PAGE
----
How fast is it?

In terms of performance, it might be slower than the Triumph because it carries more weight, but I expect you to get a 0 to 100 time, about 7 Seconds. Royal Enfield tells us that the top speed is above 150 kph, and while we certainly couldn’t test that on these sorts of Roads, what we could see was that 100 kph in sixth gear is at just 5,000 RPM which suggests that a cruising speed of about 120 kph or more should be quite possible. Still, we’ll be looking out for it when we get to ride the bike at home.

Vibrations, gearbox, clutch

Base now this engine does have some vibrations they’re nicely managed you’ll feel them at different areas at different points and they never really stood out or annoyed me but if you try and look for them you will find them Royal Enfield has done some things to try and address this the foot bag mounts themselves have some vibration absorbing dampers the foot bags don’t feel squishy but that does absorb some vibration then you also have these rubbers on the pegs they’re soft which absorbs more vibration and when you stand on the pegs to ride Offroad they compress and give you a little more grip but if you want to take them off you will have to unbolt them and they’re not just the push plug type system and that leaves us with the transmission now Royal Enfield has been making some very good gear boxes in the recent years and this one is to smooth precise no false shifts no false neutrals really quite nice I also really like the clutch the feel is good it’s not too heavy the bite point is really nice to gauge and overall I think this is one of the nicest Roy field clutches that I’ve experienced so far so that’s.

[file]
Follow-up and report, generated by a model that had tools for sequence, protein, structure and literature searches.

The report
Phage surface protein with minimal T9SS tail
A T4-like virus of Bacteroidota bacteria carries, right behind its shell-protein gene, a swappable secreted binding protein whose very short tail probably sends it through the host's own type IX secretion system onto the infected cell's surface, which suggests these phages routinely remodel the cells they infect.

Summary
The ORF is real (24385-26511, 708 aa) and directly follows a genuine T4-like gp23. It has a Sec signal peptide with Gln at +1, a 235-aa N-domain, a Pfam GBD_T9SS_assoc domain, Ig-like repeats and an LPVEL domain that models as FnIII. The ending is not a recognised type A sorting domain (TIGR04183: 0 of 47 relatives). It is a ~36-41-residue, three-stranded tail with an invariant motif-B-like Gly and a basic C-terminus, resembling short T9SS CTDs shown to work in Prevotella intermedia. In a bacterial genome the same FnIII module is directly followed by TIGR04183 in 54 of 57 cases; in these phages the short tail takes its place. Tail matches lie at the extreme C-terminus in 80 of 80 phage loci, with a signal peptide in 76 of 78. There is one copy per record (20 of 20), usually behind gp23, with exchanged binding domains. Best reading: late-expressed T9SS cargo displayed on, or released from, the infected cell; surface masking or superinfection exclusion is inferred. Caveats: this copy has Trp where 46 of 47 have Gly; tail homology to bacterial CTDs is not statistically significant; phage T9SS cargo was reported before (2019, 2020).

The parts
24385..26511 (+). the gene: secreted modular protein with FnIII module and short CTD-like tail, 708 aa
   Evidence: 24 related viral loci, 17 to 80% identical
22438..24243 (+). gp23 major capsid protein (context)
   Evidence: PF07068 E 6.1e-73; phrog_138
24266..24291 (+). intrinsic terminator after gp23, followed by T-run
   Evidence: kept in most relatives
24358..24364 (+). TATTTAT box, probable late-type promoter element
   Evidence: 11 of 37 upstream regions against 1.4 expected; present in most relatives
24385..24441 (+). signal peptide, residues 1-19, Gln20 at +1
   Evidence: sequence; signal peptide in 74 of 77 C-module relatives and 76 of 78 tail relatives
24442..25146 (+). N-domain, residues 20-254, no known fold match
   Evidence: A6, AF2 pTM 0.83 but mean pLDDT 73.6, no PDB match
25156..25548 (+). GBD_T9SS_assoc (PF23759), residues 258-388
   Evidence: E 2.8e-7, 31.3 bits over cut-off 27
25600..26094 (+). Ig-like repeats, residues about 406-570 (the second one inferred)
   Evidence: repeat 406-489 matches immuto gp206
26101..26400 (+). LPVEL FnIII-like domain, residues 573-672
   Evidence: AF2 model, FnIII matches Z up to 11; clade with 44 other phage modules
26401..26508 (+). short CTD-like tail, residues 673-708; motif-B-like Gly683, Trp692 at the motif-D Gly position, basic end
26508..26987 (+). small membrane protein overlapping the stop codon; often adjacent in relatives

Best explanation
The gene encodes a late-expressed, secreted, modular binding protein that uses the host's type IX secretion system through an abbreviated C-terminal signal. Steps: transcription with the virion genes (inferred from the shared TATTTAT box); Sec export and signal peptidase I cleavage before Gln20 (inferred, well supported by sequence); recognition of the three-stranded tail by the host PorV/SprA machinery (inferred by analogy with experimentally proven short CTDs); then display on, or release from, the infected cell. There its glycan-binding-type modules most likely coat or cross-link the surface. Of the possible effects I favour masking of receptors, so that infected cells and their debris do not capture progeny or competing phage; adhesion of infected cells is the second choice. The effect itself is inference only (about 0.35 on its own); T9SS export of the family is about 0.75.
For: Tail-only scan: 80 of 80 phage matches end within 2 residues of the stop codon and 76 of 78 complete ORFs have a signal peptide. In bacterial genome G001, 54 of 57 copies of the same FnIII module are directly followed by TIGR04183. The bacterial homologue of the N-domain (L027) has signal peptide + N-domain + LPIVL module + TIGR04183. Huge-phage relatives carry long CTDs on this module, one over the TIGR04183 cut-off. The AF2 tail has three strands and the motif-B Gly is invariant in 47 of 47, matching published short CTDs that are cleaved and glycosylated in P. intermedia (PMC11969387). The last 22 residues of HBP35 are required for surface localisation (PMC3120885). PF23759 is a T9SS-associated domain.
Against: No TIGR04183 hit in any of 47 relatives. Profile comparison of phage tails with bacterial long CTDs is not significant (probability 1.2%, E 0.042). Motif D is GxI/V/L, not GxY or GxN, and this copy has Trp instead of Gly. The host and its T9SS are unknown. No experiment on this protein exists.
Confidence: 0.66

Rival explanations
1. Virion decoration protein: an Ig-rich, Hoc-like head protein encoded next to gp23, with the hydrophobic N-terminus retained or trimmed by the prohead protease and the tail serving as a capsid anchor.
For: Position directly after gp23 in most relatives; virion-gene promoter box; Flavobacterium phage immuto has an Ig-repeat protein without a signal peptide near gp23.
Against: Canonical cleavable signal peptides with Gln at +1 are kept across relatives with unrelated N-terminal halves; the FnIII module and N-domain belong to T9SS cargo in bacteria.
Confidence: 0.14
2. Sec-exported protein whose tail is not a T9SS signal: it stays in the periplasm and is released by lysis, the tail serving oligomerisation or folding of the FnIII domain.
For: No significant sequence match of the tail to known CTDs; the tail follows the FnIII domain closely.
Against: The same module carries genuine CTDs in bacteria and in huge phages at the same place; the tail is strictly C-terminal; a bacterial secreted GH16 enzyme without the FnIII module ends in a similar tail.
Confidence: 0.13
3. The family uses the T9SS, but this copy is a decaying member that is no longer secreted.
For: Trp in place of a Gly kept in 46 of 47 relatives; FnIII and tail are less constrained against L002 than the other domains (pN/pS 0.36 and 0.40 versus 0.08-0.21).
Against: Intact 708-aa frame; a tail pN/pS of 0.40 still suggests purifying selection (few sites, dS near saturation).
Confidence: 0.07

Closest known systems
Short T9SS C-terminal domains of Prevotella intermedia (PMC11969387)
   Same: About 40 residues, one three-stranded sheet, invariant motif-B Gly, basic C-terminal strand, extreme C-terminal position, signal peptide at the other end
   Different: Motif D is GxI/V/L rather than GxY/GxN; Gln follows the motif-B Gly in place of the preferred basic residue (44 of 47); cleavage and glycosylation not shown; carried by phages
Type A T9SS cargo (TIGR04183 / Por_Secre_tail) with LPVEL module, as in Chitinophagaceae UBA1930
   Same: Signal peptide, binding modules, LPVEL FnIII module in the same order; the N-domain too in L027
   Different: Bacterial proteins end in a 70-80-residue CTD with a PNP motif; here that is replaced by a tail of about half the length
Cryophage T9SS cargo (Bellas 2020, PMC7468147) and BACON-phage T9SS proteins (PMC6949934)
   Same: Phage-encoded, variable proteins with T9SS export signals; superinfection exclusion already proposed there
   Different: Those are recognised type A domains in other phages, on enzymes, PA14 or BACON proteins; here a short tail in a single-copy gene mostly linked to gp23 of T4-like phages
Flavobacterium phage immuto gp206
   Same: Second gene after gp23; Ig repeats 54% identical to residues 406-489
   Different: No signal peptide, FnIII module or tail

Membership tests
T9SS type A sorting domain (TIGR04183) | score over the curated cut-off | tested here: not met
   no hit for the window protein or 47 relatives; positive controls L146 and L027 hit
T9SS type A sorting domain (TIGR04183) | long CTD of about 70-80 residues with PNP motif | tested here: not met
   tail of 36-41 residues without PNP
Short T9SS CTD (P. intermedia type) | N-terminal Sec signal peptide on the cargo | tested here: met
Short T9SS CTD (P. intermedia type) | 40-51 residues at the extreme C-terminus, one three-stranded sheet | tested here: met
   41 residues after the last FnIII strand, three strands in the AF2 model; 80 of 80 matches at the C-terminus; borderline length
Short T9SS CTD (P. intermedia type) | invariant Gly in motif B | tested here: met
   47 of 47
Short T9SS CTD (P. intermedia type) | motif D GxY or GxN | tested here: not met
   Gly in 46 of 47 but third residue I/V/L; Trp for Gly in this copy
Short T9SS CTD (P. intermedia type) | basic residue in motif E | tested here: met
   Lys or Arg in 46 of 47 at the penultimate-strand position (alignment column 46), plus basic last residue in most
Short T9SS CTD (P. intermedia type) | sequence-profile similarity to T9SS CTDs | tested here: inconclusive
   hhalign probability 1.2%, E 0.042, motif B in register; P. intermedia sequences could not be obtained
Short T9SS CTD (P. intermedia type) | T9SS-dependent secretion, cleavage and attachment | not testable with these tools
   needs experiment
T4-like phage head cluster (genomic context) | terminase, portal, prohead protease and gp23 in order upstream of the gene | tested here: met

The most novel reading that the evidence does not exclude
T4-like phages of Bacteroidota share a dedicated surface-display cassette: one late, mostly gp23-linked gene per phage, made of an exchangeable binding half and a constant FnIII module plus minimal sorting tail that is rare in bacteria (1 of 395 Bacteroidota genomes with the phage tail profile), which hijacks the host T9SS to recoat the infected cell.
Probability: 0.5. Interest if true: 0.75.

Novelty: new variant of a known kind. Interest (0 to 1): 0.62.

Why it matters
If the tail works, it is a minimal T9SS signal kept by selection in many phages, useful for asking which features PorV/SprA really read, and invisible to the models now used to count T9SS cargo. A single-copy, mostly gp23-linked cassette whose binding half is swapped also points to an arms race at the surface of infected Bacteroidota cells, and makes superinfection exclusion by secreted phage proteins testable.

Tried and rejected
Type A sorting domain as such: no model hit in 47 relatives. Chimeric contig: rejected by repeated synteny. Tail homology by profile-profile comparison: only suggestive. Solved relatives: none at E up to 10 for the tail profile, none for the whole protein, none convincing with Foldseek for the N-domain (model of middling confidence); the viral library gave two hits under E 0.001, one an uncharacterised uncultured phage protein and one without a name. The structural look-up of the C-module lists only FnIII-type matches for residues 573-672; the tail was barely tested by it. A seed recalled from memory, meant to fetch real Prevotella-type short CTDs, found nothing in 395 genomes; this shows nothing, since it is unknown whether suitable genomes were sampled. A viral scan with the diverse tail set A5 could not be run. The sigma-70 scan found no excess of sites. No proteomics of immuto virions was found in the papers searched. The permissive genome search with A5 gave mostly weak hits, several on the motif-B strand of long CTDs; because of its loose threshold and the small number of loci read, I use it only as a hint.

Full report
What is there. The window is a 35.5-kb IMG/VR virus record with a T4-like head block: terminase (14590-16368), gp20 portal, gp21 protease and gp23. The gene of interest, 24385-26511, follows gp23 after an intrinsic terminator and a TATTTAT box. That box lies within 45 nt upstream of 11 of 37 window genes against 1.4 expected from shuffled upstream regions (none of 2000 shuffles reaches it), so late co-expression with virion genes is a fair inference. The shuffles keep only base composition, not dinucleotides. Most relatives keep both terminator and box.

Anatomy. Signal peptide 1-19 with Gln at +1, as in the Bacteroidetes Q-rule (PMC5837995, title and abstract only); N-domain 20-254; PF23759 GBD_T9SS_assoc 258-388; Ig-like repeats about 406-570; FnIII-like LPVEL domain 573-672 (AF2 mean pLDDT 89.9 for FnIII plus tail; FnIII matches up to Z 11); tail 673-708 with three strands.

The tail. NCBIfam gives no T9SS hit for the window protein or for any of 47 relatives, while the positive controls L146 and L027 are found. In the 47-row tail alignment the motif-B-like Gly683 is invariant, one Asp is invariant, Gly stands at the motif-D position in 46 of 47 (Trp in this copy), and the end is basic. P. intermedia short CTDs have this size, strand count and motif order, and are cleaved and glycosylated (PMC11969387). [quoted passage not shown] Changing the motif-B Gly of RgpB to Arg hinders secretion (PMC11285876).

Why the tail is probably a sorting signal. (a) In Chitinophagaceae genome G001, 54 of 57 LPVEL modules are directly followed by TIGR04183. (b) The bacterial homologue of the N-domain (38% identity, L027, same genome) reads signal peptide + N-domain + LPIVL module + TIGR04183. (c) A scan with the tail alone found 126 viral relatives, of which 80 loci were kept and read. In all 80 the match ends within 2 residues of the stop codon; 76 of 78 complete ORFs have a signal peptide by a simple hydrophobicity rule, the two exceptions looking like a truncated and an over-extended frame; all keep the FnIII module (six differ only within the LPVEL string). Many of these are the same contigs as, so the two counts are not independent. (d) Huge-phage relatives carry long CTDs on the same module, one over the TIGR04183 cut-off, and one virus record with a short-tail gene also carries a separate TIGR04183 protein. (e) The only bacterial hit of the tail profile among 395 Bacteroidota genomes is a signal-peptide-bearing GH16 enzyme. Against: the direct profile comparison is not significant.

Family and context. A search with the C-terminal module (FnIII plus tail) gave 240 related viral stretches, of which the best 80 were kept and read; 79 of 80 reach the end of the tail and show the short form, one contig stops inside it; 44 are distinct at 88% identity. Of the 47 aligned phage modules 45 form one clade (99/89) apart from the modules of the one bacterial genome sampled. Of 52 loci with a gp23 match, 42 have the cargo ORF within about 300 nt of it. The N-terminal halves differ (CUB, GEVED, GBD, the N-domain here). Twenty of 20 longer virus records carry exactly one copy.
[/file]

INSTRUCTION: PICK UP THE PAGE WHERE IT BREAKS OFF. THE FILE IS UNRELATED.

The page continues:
New chassis details

Royal Enfield Himalayan